Polvorones are among my all-time favorite cookies. But I get a particular yen for these melt-in-mouth pecan treats in autumn when the air takes on a crispness that makes you willing to turn on the oven again after surviving the heat of a Washington summer. With the leaves outside turning fiery reds and golds, these lacy, understated cookies even go with the scenery.
Officially, “Polvorones de Novia,” or Mexican Wedding Cakes in their many US iterations, they are (rather mysteriously) called Russian Tea Cakes, as well. Though whether Russian or Mexican, in my view, they are entirely too pequeñitas qualify as “cakes.”
Any ideas as to the origins of the wedding cake label? Like the Italian Wedding Soup, the Mediterranean version of chicken soup, are polvorones actually the official nuptial postre? I love the anthropological aspects of cuisine and agree thoroughly with chef Patti Jinich, who in “El Arte de la Cocina” so eloquently discusses how the stories behind a cuisine make the dishes delectable to both boca y alma.
Since you’re probably more interested in the recipe than a dissertation on the polvoron, suffice it to say these cookies are sooo very mmm, mmm that there are a ton of recipes, websites and YouTube videos dedicated to their making. This site even has the frightening calorie count and nutritional information. I’m old school though, and have my own ancient magazine clipping – increasingly yellowed and wrinkly – that adapts a recipe by desert chef Alice Medrich. Continue to the recipe.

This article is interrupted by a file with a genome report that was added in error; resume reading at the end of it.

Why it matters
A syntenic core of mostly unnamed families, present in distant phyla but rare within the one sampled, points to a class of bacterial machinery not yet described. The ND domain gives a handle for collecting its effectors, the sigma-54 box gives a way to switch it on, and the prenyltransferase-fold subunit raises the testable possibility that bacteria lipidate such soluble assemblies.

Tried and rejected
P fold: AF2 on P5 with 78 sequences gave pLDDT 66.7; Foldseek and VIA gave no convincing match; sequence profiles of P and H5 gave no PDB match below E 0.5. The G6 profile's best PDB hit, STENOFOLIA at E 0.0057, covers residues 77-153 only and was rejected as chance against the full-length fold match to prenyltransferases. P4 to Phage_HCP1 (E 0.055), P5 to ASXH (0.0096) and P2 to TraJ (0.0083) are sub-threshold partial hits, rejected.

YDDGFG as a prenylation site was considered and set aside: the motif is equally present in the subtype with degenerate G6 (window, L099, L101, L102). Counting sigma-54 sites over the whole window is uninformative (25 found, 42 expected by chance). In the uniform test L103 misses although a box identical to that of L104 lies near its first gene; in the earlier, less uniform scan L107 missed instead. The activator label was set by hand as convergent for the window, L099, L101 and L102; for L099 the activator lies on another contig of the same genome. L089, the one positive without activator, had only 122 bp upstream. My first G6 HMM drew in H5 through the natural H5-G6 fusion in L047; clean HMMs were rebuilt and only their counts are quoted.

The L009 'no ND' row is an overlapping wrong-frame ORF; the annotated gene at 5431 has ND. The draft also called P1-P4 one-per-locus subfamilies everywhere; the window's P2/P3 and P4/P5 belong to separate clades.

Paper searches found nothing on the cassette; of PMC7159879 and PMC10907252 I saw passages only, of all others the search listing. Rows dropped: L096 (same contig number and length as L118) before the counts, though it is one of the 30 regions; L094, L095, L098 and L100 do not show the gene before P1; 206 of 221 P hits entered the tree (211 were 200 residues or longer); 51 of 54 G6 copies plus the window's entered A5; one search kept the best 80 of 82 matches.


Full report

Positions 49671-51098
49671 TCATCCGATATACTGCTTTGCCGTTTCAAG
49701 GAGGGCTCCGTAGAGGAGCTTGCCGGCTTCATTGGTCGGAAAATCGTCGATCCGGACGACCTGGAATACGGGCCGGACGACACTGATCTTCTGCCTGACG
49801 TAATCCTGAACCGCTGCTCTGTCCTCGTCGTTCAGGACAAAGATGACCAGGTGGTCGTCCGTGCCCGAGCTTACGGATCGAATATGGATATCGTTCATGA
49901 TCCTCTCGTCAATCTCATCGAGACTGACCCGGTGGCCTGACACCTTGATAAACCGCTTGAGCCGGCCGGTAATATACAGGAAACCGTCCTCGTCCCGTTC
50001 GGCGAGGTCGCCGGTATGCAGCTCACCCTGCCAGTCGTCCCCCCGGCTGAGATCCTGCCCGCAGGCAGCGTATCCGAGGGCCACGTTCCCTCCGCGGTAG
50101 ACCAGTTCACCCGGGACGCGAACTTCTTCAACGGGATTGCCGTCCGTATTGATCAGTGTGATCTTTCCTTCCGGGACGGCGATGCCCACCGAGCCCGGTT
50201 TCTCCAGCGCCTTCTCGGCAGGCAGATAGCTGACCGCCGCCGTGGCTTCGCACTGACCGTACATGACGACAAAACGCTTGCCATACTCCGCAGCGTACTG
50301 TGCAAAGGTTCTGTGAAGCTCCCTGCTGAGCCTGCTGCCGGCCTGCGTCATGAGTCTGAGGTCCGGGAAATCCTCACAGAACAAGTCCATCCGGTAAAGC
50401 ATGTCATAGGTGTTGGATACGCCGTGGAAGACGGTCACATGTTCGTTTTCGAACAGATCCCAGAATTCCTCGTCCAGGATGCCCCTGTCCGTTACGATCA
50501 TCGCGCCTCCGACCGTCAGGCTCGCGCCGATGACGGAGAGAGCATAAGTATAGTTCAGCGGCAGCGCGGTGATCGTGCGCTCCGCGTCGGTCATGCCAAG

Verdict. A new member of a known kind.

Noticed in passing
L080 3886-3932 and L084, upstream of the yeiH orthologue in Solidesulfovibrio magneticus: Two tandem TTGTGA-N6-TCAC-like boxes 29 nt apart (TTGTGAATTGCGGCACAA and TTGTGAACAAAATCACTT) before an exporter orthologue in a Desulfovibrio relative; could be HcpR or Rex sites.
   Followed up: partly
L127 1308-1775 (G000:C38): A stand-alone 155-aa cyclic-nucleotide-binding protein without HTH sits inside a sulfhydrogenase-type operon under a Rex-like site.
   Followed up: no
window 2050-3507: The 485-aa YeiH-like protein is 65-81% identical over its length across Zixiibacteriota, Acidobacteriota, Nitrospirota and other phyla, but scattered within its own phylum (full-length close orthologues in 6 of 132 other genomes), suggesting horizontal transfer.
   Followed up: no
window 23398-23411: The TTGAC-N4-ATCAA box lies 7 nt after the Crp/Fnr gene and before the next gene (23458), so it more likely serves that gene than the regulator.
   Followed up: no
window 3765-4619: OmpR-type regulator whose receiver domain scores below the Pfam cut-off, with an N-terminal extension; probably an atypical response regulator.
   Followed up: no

- 1 1/2 cups pecans
- 1/4 cup granulated sugar
- 2 cups all-purpose flour
- 1/4 tspn salt
- 2 cups of butter cut into small pieces and allowed to come to room temperature
- 2 tspns vanilla
- 1 egg yolk
- powdered sugar, for sprinkling
Pulse the nuts in a food processor fitted with a steel blade until half of them look finely chopped and the rest are pulverized. Transfer to another bowl, set aside + wipe the food processor. Add the granulated sugar to the bowl and process until the sugar becomes powdery. Add the flour and salt and pulse a few times to mix. Add the butter chunks, vanilla and egg yolk and pulse until the mixture forms a dough. Pour in the nuts and pulse just until combined. Refrigerate for a couple of hours or overnight (the dough will keep up to a few days.)
When you are ready to bake, preheat the oven to 325. Shape dough into small balls. I use a couple of teaspoons to scoop out just the right amount of dough. The balls should be about 1 inch in diameter. Place the 2 inches apart on ungreased cookie sheets. Bake for 22- 24 minutes or until they are just a tad bit tanned on top and golden brown on the bottom. Rotate the cookie sheets at least once to ensure even baking. When done, let them cool for 5 minutes, then use a wire sieve to sprinkle the powdered sugar on top. Cool completely on a rack before storing. You can sieve more powdered sugar on top just before serving.
Makes about 4-dozen cookies.